By Andrew Starke
NSW will become the first state in Australia to introduce a photo card linked to a centralised database as part of mandatory training for bar, security and gaming workers in licensed venues.
Minister for Tourism, Major Events, Hospitality, Racing and the Arts, George Souris, said the changes would strengthen the integrity of the Responsible Service of Alcohol (RSA) and Responsible Conduct of Gambling (RCG) training schemes.
Government believes the initiatives are necessary after conducting a review of mandatory training following an inquiry by the Independent Commission against Corruption (ICAC), which identified the need to reduce the risk of fraud associated with the existing paper certificate system.
“In NSW it is mandatory for all licensees, managers and staff with liquor or gambling duties to complete approved RSA and RCG training courses,” said Souris.
“These training schemes ensure they understand and comply with liquor and gaming laws and reduce the harm associated with alcohol abuse and problem gambling.
”Currently we have more than 80 approved training providers, with about 140,000 people undergoing RSA and RCG training each year.”
State Government claims the change will protect the integrity of these schemes by replacing paper certificates for new course graduates with a photo card and introducing a centralised database operated by the Office of Liquor, Gaming and Racing (OLGR).
The move follows ICAC’s inquiry into the security industry which found that RSA certificates had been improperly issued to people who had not done any training at all
“Undercover inspectors from OLGR also enrolled in training courses – and while most training providers do the right thing – they identified a small number of deficiencies,” said Souris.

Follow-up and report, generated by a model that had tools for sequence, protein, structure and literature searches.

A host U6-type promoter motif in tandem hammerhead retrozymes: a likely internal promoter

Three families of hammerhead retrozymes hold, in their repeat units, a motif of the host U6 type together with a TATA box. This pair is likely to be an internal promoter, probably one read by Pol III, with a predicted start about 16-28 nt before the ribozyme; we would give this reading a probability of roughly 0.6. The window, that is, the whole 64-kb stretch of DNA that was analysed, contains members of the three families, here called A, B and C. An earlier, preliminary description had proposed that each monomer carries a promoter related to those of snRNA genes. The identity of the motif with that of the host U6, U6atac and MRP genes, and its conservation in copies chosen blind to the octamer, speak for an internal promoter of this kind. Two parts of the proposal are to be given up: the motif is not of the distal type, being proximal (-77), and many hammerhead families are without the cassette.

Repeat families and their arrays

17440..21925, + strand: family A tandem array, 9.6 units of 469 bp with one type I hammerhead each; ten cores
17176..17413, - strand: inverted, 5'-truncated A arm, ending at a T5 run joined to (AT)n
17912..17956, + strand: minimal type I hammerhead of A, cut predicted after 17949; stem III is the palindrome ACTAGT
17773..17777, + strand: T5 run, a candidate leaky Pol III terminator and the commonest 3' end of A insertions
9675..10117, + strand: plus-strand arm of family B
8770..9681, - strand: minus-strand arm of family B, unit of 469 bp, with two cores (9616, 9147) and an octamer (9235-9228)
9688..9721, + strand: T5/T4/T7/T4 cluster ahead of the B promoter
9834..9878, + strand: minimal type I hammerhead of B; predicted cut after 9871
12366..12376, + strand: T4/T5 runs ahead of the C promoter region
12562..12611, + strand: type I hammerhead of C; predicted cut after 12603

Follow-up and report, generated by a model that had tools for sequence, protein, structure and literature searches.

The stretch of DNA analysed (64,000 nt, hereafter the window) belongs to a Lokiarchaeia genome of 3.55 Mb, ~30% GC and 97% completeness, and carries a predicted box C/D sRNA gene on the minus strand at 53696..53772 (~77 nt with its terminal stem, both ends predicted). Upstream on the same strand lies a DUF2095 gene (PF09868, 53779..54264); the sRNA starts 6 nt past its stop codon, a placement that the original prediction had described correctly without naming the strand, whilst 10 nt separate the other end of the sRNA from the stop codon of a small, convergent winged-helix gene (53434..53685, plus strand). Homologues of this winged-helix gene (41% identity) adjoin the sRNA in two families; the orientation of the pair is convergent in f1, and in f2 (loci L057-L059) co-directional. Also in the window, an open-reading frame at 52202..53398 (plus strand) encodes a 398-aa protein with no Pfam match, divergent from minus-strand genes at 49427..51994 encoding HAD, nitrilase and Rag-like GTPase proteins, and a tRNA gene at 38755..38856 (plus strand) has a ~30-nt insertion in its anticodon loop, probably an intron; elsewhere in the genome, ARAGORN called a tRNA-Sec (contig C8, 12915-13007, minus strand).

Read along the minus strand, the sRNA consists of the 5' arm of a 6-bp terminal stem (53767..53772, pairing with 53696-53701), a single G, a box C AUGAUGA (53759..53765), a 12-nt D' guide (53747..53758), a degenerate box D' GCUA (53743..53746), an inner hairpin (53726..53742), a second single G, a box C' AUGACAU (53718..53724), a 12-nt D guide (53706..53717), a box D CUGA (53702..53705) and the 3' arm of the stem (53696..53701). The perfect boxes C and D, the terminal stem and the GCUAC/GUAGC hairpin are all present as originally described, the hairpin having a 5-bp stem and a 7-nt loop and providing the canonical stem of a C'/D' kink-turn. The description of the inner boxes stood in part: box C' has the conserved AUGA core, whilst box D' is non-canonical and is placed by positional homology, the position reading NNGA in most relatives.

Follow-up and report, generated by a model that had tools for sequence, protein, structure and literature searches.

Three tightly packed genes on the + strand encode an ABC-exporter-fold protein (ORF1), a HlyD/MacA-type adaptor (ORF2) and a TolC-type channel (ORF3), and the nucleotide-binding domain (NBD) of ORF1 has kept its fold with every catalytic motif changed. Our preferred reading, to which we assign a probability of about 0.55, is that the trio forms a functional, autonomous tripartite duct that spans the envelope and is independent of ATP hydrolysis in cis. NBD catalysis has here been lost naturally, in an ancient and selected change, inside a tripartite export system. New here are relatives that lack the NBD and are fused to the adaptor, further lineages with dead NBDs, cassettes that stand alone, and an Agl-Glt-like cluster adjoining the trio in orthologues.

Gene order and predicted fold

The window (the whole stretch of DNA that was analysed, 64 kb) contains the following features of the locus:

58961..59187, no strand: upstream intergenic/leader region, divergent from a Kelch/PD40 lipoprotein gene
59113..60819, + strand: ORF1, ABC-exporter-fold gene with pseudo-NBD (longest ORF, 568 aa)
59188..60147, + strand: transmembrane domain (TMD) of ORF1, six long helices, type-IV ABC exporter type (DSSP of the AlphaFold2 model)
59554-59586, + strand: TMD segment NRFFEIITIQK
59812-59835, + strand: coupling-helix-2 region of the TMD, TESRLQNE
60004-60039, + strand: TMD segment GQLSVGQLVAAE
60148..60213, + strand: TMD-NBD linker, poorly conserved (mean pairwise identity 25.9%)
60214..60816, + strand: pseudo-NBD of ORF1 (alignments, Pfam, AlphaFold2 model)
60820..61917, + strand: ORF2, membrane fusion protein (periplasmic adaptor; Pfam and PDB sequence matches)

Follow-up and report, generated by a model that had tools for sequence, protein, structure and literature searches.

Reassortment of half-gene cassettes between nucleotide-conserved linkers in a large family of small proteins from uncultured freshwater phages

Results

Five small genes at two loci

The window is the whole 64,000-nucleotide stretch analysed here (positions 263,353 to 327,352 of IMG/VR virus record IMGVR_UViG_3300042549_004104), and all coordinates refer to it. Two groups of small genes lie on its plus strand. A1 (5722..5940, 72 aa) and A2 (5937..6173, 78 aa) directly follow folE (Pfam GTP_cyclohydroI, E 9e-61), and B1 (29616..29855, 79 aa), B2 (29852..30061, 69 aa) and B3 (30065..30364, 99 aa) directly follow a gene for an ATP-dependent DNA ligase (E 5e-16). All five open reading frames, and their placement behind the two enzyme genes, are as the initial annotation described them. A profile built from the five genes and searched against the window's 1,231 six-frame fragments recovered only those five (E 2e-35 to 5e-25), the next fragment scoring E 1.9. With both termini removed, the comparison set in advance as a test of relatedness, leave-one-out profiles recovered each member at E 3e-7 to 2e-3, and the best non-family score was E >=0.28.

”These included two courses being carried out in half the required time and trainers assisting students during the qualifying exam.”
The initiatives, to be introduced from August 22, will have far reaching consequences for hospitality workers, licensees, training organisations, police and liquor inspectors including:
A photo competency card with security features to make it easier for venue operators to verify a job applicant’s credentials in RSA and RCG and reduce the risk of fraud;
Phasing out paper certificates which lack portability, durability and reliability and can be forged or replicated;
A new online system, integrated with the NSW Government’s licensing database, for training organisations to enter all information about courses and graduates to reduce paperwork and improve compliance standards;
A centralised database operated by OLGR to ensure all requirements are met;
Reducing the need for licensees to keep copies of staff RSA and RCG certificates in a register on the premises which must be produced when requested by police and liquor inspectors often in peak trading periods;
- Making it easier for police and liquor inspectors to verify RSA and RCG credentials by requesting staff members to produce their photo card and verifying it by accessing the centralised database.
These changes will help both hospitality operators and regulators to verify RSA and RCG trained staff, reduce the risk of fraud, improve administration and record keeping arrangements for training organisations, and aid compliance,” said Souris.
“Hospitality workers will also benefit by reducing the risk of paper certificates being lost or damaged by providing a convenient wallet-sized photo card.
“While the photo card is expected to increase the cost of courses by a maximum of
$55, it will be valid for five years.
“OLGR is staging a series of information and training sessions for training organisations to help them prepare for the new systems.
“We will also continue to audit registered training organisations and licensed venues to ensure compliance with mandatory training requirements.